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Quick Pendulum Question

  1. Apr 28, 2013 #1
    1. The problem statement, all variables and given/known data
    A pendulum with a mass of 10kg and a length of 4.1 meters is pulled back 26 centimeters to the right from the vertical and released. As it is released, an additional amount of work equal to 5x10^-1 joules is done on the pendulum in the tangential direction toward the left. What is its period in seconds? Assuming a perfect pendulum (No more work is done on it by any force), what is the total energy of the pendulum at all times? What is the maximum distance that the pendulum can ever be from the vertical after it is released?

    Since there's a perfect pendulum now, does that mean I don't add that extra .5 joules to the total energy...or does that still apply? I'm pretty sure that I don't add it now but I'm not sure. Also, does that extra work affect the period? No right? Furthermore, in regards to the maximum distance, is that simply the distance where the angle of the pendulum doesn't exceed 90 degrees? Thank you very much for your help.
     
  2. jcsd
  3. Apr 28, 2013 #2

    Doc Al

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    The additional work adds to the total energy. The pendulum wasn't merely released, but was pushed.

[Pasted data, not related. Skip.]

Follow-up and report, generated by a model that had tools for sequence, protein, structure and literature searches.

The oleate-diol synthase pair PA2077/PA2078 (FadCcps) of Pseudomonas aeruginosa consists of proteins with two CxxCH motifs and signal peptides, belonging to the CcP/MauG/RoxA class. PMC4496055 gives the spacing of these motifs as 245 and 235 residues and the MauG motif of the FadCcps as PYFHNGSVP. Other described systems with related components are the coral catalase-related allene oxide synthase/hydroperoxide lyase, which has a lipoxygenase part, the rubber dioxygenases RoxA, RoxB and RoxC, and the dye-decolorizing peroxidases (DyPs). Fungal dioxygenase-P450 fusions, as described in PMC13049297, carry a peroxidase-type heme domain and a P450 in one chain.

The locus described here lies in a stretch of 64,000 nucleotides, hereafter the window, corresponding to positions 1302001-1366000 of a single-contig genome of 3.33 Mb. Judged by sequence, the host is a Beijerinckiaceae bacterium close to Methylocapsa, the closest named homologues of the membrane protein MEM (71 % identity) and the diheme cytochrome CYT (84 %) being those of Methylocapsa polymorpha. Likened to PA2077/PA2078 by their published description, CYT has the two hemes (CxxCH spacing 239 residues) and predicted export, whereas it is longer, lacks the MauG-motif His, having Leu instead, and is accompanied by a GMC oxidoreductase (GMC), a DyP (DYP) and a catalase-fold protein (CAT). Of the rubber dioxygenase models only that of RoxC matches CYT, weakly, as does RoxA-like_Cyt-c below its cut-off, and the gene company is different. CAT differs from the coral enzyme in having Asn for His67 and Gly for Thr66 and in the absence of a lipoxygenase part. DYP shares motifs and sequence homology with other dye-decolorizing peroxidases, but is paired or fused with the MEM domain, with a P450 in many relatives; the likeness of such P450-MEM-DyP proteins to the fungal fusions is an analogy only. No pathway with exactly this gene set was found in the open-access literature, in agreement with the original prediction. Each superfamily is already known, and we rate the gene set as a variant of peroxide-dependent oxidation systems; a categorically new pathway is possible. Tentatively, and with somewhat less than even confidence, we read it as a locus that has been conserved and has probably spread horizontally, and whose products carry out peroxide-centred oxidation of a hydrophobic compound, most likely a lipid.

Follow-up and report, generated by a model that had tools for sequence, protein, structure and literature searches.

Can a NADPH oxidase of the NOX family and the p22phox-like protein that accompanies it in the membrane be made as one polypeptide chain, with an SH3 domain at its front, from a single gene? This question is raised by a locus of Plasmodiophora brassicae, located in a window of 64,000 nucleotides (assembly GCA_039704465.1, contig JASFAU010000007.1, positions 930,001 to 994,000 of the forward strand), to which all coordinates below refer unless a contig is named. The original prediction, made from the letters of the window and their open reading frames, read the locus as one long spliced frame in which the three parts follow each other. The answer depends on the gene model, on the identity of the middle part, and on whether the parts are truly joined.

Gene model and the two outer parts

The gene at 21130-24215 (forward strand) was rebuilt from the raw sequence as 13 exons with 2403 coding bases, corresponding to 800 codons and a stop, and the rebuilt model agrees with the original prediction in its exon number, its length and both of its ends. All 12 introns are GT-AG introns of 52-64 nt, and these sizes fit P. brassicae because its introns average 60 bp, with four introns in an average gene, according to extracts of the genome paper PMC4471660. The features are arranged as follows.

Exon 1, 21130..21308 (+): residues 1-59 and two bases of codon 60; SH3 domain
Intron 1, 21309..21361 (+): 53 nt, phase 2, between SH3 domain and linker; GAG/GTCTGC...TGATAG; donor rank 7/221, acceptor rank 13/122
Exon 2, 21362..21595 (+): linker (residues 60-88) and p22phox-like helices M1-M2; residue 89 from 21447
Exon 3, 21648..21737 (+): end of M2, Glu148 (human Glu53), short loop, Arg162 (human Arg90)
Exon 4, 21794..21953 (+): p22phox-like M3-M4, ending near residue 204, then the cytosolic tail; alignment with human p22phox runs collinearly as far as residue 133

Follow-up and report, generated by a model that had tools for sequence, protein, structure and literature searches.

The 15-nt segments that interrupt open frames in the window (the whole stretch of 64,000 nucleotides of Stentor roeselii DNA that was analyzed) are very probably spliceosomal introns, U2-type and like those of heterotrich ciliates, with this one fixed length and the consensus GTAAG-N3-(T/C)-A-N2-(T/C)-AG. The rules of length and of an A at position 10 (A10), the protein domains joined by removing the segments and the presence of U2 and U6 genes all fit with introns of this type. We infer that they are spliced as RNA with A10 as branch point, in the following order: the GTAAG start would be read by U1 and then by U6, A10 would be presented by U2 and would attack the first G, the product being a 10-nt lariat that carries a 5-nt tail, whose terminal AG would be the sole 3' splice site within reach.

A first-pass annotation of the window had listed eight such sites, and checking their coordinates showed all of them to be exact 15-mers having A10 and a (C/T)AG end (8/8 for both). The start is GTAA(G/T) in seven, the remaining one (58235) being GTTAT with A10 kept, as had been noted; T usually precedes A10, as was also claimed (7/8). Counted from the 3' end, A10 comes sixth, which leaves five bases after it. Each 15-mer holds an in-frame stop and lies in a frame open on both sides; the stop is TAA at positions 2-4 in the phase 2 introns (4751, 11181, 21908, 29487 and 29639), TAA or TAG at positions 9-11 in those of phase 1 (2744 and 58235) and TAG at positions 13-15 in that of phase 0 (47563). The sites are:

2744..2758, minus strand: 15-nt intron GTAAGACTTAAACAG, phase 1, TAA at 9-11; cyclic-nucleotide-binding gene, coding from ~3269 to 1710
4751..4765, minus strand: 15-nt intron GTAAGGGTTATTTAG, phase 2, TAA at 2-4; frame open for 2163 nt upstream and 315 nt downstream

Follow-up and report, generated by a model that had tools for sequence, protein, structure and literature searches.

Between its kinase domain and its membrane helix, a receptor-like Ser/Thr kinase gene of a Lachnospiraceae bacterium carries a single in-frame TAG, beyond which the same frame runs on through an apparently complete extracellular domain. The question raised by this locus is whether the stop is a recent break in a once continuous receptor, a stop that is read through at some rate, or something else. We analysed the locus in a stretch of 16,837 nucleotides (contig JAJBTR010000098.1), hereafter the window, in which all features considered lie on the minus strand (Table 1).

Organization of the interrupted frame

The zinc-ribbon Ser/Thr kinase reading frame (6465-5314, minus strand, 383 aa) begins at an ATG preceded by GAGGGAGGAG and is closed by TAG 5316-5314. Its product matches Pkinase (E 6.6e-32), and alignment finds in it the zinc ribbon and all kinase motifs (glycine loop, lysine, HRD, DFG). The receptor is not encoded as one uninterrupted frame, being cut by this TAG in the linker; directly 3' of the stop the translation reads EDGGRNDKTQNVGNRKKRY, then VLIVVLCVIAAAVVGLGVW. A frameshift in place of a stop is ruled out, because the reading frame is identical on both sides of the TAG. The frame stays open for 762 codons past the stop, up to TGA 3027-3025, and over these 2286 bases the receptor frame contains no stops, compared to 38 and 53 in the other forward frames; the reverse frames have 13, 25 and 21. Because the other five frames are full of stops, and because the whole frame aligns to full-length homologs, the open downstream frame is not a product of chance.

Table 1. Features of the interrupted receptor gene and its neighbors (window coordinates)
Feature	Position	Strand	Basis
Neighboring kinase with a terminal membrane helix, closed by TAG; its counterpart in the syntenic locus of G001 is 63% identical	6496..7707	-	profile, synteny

How would you find the period of a pendulum? Does it have anything to do with energy?

    No. How high can the pendulum swing?
     
  4. Apr 28, 2013 #3
    Got the first part, and period is 2piSQRT(L/g) so no it doesn't. Is how high the pendulum can swing simply the amplitude of the pendulum?
     
  5. Apr 28, 2013 #4

    Doc Al

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    Good.

    Yes. But note that the question asks for distance from the vertical, so you'll have to figure that out.
     
  6. Apr 28, 2013 #5
    can I simply do L(1-cos(θ)) ?
     
  7. Apr 28, 2013 #6

    Doc Al

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    That will give you the height above the lowest point as a function of angle. That might prove useful as a step towards the answer.

    Hint: Use the total energy to find the maximum height.
     
  8. Apr 28, 2013 #7
    Oh so I would use the formula for PE which is mgh, and since its at the top of its swing the PE is the TE so TE = mgh, then isolate for h, convert that to L(1-cos(θ)) and have the new equation L(1-cos(θ))= TE/mg, then further isolate the cos(θ) to cos(θ) = -1 + TE/MGL. then i get the angular amplitude, convert that to linear by doing Lsin(θ) ?
     
  9. Apr 28, 2013 #8

    Doc Al

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    Looks good to me.
     
  10. Apr 28, 2013 #9
    Thank you very much for your help.
     
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